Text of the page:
Generally speaking, we use the present indicative in Spanish to talk about actions that are taking place at the moment (now). However, that's not the only use of it. Let's take a look at the following list so you can understand how to use the present indicative in Spanish.
Actions that are taking place right at the moment (now):
¿Dónde están las chicas?
Where are the girls?
¿Las chicas? -Ajá.
The girls? -Uh-huh.
Lola y Ana. -Uh...
Lola and Ana. -Uh...
Lola y Ana viven aquí.
Lola and Ana live here.
Captions 26-29, Extr@: Extra en español - Ep. 1 - La llegada de SamPlay Caption
In the above sentence, you can see how the verbs estar (to be) and vivir (to live) are conjugated in the present indicative for the third person plural (las chicas/Lola y Ana/ellas... están/viven).
You can also talk about actions that take place over time:
Trabajo en un colegio.
I work at a school.
Soy maestra de música y de ciencias.
I'm a music and science teacher.
Captions 6-7, Ariana - Mi CasaPlay Caption
In this example, you can see the verbs trabajar (to work) and ser (to be) conjugated in the present indicative for the first person singular (yo trabajo/soy).
IMPORTANT! Remember that in Spanish it is very common to drop the pronouns from the sentences. As you can see in the sentence above, Ariana doesn't say "yo trabajo" but rather only "trabajo".
En agosto, vamos a la playa.
In August, we go to the beach.
En septiembre, empieza el otoño.
In September, the fall begins.
Captions 21-22, El Aula Azul - Estaciones y MesesPlay Caption
In the example above, we can see the present indicative of the verb ir (to go) in the first person plural (nosotros vamos) and the present indicative of the verb empezar (to begin) in the third person singular (el otoño empieza).
La Laguna de San Pablo está a los pies del imponente
The San Pablo Lagoon is at the foot of the imposing
Caption 13, Otavalo - Un día en la ciudad de los lagosPlay Caption
In the example above, Natalia uses the present indicative of the verb estar for the third person singular (está) to state a fact.
You can talk about daily activities and habitual actions using the present indicative:
De lunes a viernes, me levanto a las siete de la mañana.
From Monday to Friday, I get up at seven in the morning.
Caption 2, GoSpanish - La rutina diaria de SolPlay Caption
In the above clip, you can see how Sol uses the present indicative of the verb levantarse (yo me levanto) to express one of her habitual actions.
Dante y Mika vienen todos los días a trabajar conmigo
Dante and Mika come work with me every day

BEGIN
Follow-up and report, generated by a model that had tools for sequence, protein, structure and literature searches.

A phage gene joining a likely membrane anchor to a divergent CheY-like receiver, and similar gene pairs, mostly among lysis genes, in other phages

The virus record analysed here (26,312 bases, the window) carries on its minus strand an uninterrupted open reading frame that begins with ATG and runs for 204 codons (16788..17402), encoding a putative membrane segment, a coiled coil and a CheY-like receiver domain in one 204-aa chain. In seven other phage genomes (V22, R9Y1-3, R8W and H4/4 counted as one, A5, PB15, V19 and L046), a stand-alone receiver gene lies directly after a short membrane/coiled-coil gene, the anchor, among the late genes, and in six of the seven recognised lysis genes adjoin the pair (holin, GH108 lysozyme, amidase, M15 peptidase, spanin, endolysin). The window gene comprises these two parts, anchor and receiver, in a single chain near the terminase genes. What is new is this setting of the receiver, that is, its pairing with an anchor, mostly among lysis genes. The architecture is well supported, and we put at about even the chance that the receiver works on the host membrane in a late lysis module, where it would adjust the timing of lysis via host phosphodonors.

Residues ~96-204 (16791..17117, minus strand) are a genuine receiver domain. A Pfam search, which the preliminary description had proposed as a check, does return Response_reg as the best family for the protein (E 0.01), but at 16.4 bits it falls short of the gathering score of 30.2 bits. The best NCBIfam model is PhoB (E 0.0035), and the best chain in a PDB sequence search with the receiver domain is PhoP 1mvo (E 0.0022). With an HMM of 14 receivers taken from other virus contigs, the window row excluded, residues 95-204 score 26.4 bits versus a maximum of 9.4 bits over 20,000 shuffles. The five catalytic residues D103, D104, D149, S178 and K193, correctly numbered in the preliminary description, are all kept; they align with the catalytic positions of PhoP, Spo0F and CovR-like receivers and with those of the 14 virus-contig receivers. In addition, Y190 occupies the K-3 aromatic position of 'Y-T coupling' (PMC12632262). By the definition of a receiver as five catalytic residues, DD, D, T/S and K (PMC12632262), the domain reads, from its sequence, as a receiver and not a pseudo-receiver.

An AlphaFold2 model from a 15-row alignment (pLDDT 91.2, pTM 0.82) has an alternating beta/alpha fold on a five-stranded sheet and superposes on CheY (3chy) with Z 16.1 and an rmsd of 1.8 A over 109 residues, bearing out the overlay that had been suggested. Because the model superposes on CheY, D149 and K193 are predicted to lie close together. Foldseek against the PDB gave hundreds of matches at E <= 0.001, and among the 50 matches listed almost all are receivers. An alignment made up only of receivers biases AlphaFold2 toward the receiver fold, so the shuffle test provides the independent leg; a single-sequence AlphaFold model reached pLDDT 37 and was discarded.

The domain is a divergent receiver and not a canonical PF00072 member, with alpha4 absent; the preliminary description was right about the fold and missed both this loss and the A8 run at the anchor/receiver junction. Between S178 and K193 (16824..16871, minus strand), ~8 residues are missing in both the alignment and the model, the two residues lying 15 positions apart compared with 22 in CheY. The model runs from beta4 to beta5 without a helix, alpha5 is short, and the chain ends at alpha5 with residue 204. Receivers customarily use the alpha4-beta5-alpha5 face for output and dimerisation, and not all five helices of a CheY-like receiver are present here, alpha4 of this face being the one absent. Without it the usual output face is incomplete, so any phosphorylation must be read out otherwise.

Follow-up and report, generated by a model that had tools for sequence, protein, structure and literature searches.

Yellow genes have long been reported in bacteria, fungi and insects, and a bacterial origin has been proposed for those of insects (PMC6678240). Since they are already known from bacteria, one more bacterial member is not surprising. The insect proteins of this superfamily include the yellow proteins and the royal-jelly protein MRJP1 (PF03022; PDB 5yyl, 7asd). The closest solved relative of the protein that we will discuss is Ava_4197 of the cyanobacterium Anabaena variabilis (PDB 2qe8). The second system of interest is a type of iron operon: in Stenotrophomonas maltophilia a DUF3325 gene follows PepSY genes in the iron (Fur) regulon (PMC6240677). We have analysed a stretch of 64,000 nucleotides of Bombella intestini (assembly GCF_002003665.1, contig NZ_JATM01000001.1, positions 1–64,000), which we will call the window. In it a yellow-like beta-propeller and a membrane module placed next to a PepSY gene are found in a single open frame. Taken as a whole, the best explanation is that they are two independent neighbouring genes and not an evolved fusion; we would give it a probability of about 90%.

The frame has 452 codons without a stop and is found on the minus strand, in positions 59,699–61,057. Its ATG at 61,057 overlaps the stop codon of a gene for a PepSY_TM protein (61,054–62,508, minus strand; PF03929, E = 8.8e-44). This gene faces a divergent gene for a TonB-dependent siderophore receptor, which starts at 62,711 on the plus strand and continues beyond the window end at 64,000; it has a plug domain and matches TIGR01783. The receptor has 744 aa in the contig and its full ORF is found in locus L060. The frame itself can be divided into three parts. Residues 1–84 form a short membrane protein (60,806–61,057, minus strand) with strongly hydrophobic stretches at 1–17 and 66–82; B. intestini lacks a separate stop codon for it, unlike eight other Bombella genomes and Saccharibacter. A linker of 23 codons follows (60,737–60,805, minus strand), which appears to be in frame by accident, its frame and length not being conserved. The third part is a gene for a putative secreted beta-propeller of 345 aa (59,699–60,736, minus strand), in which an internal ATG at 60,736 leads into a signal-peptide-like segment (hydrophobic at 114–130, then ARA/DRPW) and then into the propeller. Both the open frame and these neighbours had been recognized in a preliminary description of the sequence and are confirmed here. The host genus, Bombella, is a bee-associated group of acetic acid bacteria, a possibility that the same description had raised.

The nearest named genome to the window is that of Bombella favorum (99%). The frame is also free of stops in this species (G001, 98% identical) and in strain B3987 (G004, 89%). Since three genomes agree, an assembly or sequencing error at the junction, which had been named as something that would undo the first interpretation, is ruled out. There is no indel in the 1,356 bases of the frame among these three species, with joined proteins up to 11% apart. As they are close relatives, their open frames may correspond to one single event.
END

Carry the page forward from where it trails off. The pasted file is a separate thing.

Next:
aquí al Refugio del Burrito.
here at the Little Donkey Shelter.
Caption 62, Rosa - La perrita MikaPlay Caption
Similarly, Rosa uses the present indicative of the verb venir (to come) to describe something habitual. In this case, the verb is conjugated in the third person plural (Dante y Mika/ellos... vienen).
Did you know that the present indicative can be used for things happening in the near future? Let's see some examples.
Le prometo que termino de morfar y... y salgo a laburar. Va a ver.
I promise you that I'll finish eating and... and go out to work. You'll see.
Caption 63, Yago - 8 DescubrimientoPlay Caption
In this sentence, the speaker is using the present indicative of the verb salir (to go out) in order to express an action that will take place in the near future. Once he's done with his lunch, he will go out to work. The verb is conjugated in the first person singular (yo salgo).
Bueno, pues entonces, no hay que pensarlo más.
OK, well then, we don't have to think about it anymore.
Mañana hablamos con el jefe y desde la oficina
Tomorrow we'll talk to the boss and from the office
Captions 11-12, Confidencial: El rey de la estafa - Capítulo 2Play Caption
In the previous example, you can fully appreciate how the present indicative of the verb hablar (to talk) is used to indicate an action that will take place tomorrow! This may be a bit weird for English speakers but it is a very common formula used by Spanish speakers. The verb is conjugated in the first person plural (nosotros hablamos).
Finally, it is worth mentioning that in journalism and the academic field, some people like to use the present indicative when referring to historical facts. Let's see the following example:
El Imperio romano cae en el año 476
The Roman Empire falls in the year 476
And that's it for today. We hope this lesson helped you to understand how to use the present indicative in Spanish. And don't forget to send us your comments and questions.
Strolling down the historic streets of Burgos, Carlos and María Angeles (who goes by Angeles) tell us about their local nightspots. Pubs, they say, manage to circumvent local laws and keep customers through the night -- until about 8 AM -- by briefly closing and then opening again. Angeles explains:
Sí, son trucos, pequeños truquitos de la picaresca española.
Yes, they're tricks, little tricks of Spanish wiliness.
Captions 78-79, Burgos - CaminandoPlay Caption